The Crystal Serenity, pictured here in Seward, Alaska, is the largest cruise ship to traverse the Northwest Passage, traveling from Alaska to New York City. Rachel Waldholz/Alaska Public Radio hide caption

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Environment

In Warmer Climate, A Luxury Cruise Sets Sail Through Northwest Passage

Alaska Public Media

Climate change is opening up the Arctic to luxury cruises, including an Alaska-to-New York voyage. The vacation destination takes advantage of warming oceans but raises safety and ethical concerns.

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Shots - Health News

A New Course At Arkansas Colleges: How To Not Get Pregnant

Arkansas, a Bible Belt state that emphasizes abstinence only in high school, is launching a mandatory program in its colleges and universities on strategies to prevent unplanned pregnancy.

A New Course At Arkansas Colleges: How To Not Get Pregnant

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U.S.

'Mystery Shoppers' Help U.S. Regulators Fight Racial Discrimination At Banks

The Consumer Financial Protection Bureau is sending undercover operatives to ferret out racial discrimination. They're called "testers" or "mystery shoppers" and pose as customers applying for loans.

'Mystery Shoppers' Help U.S. Regulators Fight Racial Discrimination At Banks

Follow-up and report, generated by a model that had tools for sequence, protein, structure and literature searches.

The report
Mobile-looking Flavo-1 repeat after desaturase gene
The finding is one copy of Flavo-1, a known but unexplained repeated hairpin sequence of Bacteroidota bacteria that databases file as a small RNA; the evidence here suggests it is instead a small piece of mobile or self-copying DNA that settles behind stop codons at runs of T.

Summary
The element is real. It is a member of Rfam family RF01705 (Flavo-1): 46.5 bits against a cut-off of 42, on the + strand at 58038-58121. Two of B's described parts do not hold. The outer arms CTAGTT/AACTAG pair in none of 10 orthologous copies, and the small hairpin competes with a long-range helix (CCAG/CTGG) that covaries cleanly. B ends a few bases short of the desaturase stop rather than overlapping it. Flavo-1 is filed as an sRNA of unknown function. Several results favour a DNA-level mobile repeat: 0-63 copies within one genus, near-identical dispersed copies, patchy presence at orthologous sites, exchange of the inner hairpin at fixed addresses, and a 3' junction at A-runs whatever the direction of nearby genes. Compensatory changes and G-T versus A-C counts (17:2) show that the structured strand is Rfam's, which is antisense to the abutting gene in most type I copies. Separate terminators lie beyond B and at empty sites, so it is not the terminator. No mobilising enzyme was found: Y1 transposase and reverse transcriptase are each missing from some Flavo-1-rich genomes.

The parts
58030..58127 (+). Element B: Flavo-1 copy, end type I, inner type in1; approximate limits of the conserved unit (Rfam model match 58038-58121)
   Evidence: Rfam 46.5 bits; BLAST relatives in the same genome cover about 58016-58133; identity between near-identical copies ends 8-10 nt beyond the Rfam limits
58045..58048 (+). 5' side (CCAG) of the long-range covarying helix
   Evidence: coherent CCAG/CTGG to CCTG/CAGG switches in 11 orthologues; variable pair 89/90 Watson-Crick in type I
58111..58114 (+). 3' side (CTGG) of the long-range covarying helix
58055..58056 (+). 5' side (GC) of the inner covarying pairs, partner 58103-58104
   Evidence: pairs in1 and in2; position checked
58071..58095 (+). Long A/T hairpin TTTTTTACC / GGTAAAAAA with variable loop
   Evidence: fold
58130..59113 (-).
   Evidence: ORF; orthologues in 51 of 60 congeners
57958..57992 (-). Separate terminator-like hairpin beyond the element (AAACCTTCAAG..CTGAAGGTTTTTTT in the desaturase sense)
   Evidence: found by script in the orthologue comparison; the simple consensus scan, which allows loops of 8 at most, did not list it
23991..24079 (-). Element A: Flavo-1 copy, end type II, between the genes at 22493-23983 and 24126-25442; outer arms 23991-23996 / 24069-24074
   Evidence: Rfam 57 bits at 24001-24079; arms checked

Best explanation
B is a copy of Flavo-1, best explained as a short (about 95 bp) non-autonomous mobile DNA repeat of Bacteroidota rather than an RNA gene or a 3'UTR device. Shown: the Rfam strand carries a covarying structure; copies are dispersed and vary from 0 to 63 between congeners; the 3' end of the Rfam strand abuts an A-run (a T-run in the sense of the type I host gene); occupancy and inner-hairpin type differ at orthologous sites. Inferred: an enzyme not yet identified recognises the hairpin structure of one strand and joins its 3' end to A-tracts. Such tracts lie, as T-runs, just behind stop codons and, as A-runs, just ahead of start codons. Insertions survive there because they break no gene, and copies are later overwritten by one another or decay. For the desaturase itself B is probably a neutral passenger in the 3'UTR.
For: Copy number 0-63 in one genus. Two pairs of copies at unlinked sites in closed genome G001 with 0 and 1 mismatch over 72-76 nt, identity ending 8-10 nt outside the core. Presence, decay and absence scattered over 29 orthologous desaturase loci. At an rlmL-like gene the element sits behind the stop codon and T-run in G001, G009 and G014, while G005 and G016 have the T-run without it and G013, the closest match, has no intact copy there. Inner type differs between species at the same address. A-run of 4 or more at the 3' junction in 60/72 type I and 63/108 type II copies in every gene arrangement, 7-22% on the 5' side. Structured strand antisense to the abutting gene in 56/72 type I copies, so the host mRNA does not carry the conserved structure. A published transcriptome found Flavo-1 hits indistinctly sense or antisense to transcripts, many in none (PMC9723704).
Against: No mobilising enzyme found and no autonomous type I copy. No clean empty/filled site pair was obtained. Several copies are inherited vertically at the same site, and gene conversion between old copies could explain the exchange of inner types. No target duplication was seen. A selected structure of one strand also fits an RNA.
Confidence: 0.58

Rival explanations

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Hilton Pray, 82, holds one of thousands of his photographs that were damaged after an estimated 4-feet of water filled his home in Denham Springs, La. Collin Richie/Humans of the Water hide caption

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Photography

After Louisiana Floods, A Photographer Finds Resilience

Photographer Collin Richie and three colleagues have been shooting portraits of people who were impacted by the floods in Louisiana. The images focus on what people were able to save.

After Louisiana Floods, A Photographer Finds Resilience

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Rough seas prevented the NOAA's Okeanos Explorer from collecting data in the the Papahānaumokuākea Marine National Monument in February. NOAA Office of Ocean Exploration hide caption

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The Two-Way - News Blog

Protected Marine Area Near Hawaii Is Now Twice The Size Of Texas

The Papahānaumokuākea Marine National Monument was created by President George W. Bush. Now President Obama is quadrupling it in size — making it the biggest marine reserve in the world.

Gov. Paul LePage holds a town hall meeting at Biddeford High School on April 19. Shawn Patrick Ouellette/Portland Press Herald via Getty Images hide caption

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The Two-Way - News Blog

LISTEN: Maine's Governor Unleashes Obscenities On Lawmaker Who Criticized Him

Maine Rep. Drew Gattine said it was unhelpful when Gov. Paul LePage made "racially charged" statements. In response, LePage told Gattine, "I am after you" — along with much more vulgar remarks.

Breitbart's Milo Yiannopoulos, a self-proclaimed leader of the movement, co-wrote a manifesto of sorts about what the alt-right believes. Drew Angerer/Getty Images hide caption

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Politics

What You Need To Know About The Alt-Right Movement

Hillary Clinton blasted Donald Trump for aligning with the "alt-right." But what exactly is the movement?